In June 2019, Marlis and a delegation from Cheyenne River traveled to Washington to help introduce the Remove the Stain Act, legislation that would revoke the medals once and for all. Since its introduction, the bill has gained the support of Vice President-elect Kamala Harris, Sens. Bernie Sanders, Elizabeth Warren, and Rep. Deb Haaland.
In South Dakota this past February, Senator Troy Heinert introduced resolution SR701 to the Senate Military and Veterans Affairs Committee. The resolution, which had bipartisan support, requested unified support of the Remove the Stain Act from the South Dakota legislature and the South Dakota Congressional Delegation.
The three Republican committee members shared their concerns that revocation should happen at the federal level, with one senator stating that the atrocious acts were not committed by soldiers who were from South Dakota, completely disregarding that the dead victims were from and of South Dakota. Although the committee heard testimonies of support from numerous Lakota citizens, many of whom were descendants of Wounded Knee survivors, the 3-2 vote deferred the bill to the 41st day.
Republican Senator Mike Rounds said he “believes that what happened at Wounded Knee was a massacre, not a battle, and the criteria for awarding a Medal of Honor has more value now than it did then.” He then said “we’re now guessing” about what the individual soldiers did.
Elaborating further, he stated, “I don’t think we should, at this time, go back and decide and change the recommendations of forefathers, even if we disagree vehemently with the outcome of the incident, the massacre.”
After the Remove the Stain Act was introduced, Representative Dusty Johnson called revoking of the medals an “aggressive act” stating, “there’s a better, more nuanced, more facts-driven way for us to move forward.”
As the 130th anniversary of the massacre approaches, memorial riders on horseback will complete their prayerful ride, while a collective grief envelopes the Oceti Sakowin. Senator Heinert shared that he plans to reintroduce a resolution in support of the Remove the Stain Act this upcoming legislative session.
“The resolution is important because our ancestors, through no fault of their own, were murdered in this state, and people were given Congressional Medals of Honor. There’s enough of us now that understand what the Remove the Stain Act means, and we’re in a position now to not only educate people but to also right that wrong. The importance to South Dakota is that this is not about erasing history, this is about righting the wrongs that have been done in the past. It needs to happen.”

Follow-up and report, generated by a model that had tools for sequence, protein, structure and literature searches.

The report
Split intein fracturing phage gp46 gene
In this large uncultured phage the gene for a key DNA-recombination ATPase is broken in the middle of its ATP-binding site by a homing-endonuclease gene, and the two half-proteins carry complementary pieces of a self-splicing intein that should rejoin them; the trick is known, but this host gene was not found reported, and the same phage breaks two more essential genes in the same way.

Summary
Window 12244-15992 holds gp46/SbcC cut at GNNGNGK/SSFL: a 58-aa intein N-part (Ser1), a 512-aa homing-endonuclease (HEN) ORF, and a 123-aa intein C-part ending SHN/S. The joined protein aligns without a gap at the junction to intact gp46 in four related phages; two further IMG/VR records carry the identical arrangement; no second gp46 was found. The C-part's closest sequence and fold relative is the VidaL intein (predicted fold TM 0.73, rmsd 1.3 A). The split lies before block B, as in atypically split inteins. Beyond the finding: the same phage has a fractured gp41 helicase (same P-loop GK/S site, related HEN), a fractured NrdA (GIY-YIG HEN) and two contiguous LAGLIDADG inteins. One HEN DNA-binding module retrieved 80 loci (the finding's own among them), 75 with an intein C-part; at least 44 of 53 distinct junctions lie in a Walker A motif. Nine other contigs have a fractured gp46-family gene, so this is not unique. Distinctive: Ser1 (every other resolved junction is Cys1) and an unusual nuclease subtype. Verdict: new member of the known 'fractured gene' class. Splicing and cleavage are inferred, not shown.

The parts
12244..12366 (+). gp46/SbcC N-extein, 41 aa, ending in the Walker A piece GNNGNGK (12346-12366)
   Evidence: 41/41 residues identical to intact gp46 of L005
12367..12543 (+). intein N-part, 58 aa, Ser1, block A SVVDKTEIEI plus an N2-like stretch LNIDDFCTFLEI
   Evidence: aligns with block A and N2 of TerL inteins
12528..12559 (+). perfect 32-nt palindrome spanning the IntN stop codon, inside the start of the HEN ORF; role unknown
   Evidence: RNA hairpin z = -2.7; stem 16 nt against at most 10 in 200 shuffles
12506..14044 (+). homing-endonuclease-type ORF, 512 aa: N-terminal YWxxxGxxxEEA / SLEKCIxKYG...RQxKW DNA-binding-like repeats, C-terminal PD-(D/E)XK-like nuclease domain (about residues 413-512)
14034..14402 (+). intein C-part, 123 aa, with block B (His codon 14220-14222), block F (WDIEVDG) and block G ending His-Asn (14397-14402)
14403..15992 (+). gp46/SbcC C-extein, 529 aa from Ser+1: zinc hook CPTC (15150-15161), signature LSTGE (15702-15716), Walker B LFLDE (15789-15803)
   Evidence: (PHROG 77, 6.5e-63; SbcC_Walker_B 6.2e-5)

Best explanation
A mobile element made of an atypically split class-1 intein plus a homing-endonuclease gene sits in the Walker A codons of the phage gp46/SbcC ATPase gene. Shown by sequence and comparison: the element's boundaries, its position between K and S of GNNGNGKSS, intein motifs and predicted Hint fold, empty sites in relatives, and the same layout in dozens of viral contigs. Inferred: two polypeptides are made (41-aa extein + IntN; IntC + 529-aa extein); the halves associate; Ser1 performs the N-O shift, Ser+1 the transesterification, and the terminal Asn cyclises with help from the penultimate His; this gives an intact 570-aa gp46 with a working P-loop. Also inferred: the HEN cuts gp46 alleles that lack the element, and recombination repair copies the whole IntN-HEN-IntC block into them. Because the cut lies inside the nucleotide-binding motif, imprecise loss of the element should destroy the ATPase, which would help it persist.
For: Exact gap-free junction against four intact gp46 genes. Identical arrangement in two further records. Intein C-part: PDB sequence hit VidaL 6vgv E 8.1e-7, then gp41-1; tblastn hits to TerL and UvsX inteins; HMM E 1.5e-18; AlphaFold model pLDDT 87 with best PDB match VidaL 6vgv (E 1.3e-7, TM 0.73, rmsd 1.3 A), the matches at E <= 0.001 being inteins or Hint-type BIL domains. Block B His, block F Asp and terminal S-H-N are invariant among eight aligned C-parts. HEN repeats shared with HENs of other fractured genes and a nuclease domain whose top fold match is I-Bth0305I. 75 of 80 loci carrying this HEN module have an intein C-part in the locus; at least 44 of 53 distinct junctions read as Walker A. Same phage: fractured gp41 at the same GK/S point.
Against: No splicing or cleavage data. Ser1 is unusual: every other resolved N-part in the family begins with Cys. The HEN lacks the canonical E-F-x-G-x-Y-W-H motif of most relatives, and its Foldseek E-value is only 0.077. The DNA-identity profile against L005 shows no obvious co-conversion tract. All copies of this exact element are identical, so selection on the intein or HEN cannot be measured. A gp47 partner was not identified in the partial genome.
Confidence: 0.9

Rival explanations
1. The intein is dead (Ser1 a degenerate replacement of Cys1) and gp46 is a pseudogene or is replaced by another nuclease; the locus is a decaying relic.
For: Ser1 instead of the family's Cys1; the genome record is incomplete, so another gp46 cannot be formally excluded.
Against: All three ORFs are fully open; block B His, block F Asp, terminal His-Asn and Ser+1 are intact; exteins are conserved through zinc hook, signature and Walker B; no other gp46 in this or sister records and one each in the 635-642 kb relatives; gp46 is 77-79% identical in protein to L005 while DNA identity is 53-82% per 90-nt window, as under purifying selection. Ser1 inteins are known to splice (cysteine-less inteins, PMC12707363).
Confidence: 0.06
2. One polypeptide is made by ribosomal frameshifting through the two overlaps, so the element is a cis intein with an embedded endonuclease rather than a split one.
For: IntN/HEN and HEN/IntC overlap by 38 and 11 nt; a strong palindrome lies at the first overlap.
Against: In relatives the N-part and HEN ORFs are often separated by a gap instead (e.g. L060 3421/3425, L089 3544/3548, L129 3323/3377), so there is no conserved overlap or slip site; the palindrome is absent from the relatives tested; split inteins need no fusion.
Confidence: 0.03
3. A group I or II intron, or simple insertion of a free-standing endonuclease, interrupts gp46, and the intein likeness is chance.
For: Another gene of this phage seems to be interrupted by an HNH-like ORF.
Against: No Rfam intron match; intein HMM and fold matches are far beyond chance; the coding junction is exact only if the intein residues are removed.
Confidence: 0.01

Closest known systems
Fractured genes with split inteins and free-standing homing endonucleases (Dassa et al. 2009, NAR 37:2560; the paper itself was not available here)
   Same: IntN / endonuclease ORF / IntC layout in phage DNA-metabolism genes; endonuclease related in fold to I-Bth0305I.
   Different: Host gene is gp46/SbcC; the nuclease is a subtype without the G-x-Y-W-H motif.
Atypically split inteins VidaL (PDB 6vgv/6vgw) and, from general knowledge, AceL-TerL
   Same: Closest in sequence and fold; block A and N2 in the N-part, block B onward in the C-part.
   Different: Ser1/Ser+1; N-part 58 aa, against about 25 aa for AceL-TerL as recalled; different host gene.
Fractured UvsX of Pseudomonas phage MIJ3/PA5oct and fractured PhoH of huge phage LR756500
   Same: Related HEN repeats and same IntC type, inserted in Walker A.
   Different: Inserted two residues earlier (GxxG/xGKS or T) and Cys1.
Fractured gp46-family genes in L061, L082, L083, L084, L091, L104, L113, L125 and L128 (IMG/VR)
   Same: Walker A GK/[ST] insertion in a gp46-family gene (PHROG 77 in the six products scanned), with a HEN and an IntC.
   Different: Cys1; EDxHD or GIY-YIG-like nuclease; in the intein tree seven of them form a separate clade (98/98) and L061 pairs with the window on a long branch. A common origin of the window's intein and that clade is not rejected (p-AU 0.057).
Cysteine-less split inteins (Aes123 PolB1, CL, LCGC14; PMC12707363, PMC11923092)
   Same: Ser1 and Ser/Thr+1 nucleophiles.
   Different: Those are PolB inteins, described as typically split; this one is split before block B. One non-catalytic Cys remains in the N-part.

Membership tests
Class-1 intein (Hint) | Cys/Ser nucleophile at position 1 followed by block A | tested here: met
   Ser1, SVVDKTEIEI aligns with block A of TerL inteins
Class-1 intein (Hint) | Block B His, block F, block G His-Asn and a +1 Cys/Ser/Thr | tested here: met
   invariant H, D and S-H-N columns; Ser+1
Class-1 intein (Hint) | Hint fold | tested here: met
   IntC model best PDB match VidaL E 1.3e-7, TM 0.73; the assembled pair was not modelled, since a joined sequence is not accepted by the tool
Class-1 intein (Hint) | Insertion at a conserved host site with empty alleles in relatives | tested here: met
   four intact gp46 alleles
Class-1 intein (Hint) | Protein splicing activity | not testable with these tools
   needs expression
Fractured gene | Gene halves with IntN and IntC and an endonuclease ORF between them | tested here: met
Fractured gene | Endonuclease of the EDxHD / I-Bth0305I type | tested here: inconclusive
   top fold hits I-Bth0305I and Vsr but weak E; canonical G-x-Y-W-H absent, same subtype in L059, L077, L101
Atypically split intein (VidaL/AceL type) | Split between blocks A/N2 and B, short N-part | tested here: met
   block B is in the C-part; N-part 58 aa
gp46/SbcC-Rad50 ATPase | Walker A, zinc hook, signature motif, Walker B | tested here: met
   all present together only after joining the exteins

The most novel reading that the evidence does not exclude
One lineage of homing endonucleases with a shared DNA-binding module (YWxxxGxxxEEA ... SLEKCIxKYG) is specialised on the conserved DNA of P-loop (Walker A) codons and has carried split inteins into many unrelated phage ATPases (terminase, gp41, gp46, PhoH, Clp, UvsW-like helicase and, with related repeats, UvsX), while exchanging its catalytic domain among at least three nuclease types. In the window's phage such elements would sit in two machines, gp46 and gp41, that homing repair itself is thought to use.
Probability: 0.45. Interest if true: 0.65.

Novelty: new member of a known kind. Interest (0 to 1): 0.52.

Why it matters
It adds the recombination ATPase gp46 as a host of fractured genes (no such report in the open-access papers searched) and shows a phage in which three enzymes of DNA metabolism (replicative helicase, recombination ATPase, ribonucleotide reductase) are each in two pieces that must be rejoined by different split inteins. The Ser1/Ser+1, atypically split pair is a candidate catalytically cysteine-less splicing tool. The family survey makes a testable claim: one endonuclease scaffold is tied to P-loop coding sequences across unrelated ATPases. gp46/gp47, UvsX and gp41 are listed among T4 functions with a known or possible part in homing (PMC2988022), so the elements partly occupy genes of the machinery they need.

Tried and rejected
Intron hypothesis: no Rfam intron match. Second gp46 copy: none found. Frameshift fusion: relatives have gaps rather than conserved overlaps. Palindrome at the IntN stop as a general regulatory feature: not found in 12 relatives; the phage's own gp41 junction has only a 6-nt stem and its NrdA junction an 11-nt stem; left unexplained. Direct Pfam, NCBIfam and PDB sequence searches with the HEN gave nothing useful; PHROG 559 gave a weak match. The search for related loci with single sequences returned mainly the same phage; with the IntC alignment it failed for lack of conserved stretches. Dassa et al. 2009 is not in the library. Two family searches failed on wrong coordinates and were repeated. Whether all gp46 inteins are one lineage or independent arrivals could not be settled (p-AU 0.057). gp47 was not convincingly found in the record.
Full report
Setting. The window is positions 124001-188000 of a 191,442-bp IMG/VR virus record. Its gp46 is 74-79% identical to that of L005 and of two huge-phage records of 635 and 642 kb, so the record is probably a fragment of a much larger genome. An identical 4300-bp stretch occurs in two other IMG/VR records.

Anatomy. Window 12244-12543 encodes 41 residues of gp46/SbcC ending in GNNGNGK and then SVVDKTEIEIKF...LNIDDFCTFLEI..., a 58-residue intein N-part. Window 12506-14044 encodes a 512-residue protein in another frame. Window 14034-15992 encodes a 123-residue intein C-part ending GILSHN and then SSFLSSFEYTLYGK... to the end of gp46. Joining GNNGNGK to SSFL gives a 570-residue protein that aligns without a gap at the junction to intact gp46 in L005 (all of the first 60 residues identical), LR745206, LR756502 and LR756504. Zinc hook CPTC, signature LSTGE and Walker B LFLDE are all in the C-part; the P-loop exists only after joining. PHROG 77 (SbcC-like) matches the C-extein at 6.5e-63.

The Remove the Stain Act has bipartisan support from elected leaders from across the nation- it is time that the South Dakota legislature step up and support the bill– the lives of over 300 South Dakotans were taken that tragic day on December 29, 1890. Dismissing this fact infers that the Sioux people are not citizens of South Dakota. As long as this stain is unresolved and unacknowledged, indigenous people of South Dakota will never feel as though the State of South Dakota regards their lives as important, worth protecting and defending.
The veil of discrimination and racism is threaded in these atrocities and poor government policies. If we truly want to lift the veil and see our friends and neighbors as humans and South Dakotans, then full support of this bill and those like them is needed.
The South Dakota Democratic Party implores all members of Congress to research the tragic events of Wounded Knee and the generational historical trauma rooted from the atrocities against indigenous people. Use your voice and vote to address the wounds of history. Your words have as much power as your relatives did in those days. Your voice can be a cannon, fired in the defense of truth and indigenous lives.
Please direct questions to SDDP Executive Director Pam Cole via email firstname.lastname@example.org or phone (605) 695-1996.